Climate change is making demands on our politicians like nothing before it. How they react during and after this Australian federal election will be the acid test — for them and us. [20 November 2007 | Peter Boyer]
This 2007 federal election is truly historic. Never – not even in wartime – have we had an issue that demands such universal, immediate and sustained attention as global warming.
On Saturday, we must choose parties and candidates who understand this crisis, know what needs doing, and are ready to act immediately.
A few years ago scientists thought that getting greenhouse pollution 60 percent below 1990 levels by 2050 would halt rising temperatures, but they now say we need a binding 2050 reduction target of at least 80 and probably 90 percent.
Using some rubbery land clearing data our government claims we’re meeting our modest Kyoto emission targets, but we’re actually going backwards, fast. Australia’s 2005 emissions from electricity generation and transport were more than 42 percent above 1990 levels.
So how do the parties respond to the scientific advice?
• Neither the Greens nor the Australian Democrats can form a government, but they can influence what happens in the Senate. Both make a big issue of climate change. The Greens have a 2050 target to reduce emissions by 80 percent below the 1990 level (along with a short-term 30 percent target for 2020); the Democrats’ target is 60 to 90 percent. Both emphasise energy efficiency, boosting renewable energy and ratifying the Kyoto Protocol, the major driver of international action. Neither party supports “clean coal” technology. The Greens want no more coal-fired power stations; the Democrats want coal-mining countries to tax exports.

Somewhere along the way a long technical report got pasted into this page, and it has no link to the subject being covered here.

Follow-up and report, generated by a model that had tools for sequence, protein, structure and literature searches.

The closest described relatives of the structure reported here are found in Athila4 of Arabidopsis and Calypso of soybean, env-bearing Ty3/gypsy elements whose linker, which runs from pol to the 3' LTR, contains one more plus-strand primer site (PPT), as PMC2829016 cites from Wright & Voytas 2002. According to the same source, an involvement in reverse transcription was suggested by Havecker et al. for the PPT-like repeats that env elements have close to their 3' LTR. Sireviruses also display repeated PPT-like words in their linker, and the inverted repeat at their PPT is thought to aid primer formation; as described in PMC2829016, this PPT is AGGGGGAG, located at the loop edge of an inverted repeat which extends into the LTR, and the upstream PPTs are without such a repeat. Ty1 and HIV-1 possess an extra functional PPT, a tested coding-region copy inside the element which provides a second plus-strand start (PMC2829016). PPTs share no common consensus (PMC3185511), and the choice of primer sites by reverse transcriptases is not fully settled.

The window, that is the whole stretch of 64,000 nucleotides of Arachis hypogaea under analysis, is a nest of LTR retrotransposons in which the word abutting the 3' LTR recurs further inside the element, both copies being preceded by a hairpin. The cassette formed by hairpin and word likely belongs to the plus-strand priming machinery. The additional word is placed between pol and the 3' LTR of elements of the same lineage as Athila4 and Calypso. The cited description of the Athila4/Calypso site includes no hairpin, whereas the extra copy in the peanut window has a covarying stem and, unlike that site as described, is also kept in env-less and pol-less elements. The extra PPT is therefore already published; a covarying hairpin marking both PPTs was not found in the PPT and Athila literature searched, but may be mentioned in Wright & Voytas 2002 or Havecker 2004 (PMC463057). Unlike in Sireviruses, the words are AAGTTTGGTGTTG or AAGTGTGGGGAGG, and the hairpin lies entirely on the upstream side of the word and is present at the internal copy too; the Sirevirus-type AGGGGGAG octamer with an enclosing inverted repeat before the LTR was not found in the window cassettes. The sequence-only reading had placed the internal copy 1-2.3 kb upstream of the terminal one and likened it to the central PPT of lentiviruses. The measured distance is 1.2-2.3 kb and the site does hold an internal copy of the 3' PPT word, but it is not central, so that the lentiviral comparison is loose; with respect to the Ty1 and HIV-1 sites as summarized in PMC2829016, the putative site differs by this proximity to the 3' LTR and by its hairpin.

• Labor will set a 60 percent emissions reduction target for 2050, and has a 20 percent renewable energy target for 2020 involving support for solar, wind and geothermal energy. It will immediately ratify the Kyoto Protocol, and will begin a carbon trading scheme (putting a price on carbon emissions) by 2010. It offers incentives to improve water and energy efficiency including solar power and hot water rebates. Other policies include a clean energy export strategy and a “green car challenge”, along with support for “clean coal” technology.
• The Coalition believes radical climate action may damage future prosperity. It won’t ratify Kyoto, opting instead for a technology-based agreement with “aspirational” targets. It won’t set an emission target till after the election; this will be “flexible” to take account of future developments. It plans a carbon trading scheme by 2011. Current rebates for solar electricity and water heating will be continued alongside development of “clean coal” technology. The National Water Initiative aims to tackle chronic water supply issues in the Murray-Darling basin by taking over management from the states.
As electors we can help determine how the climate challenge, the toughest political assignment in history, plays out. It has never been more important that we think before we vote.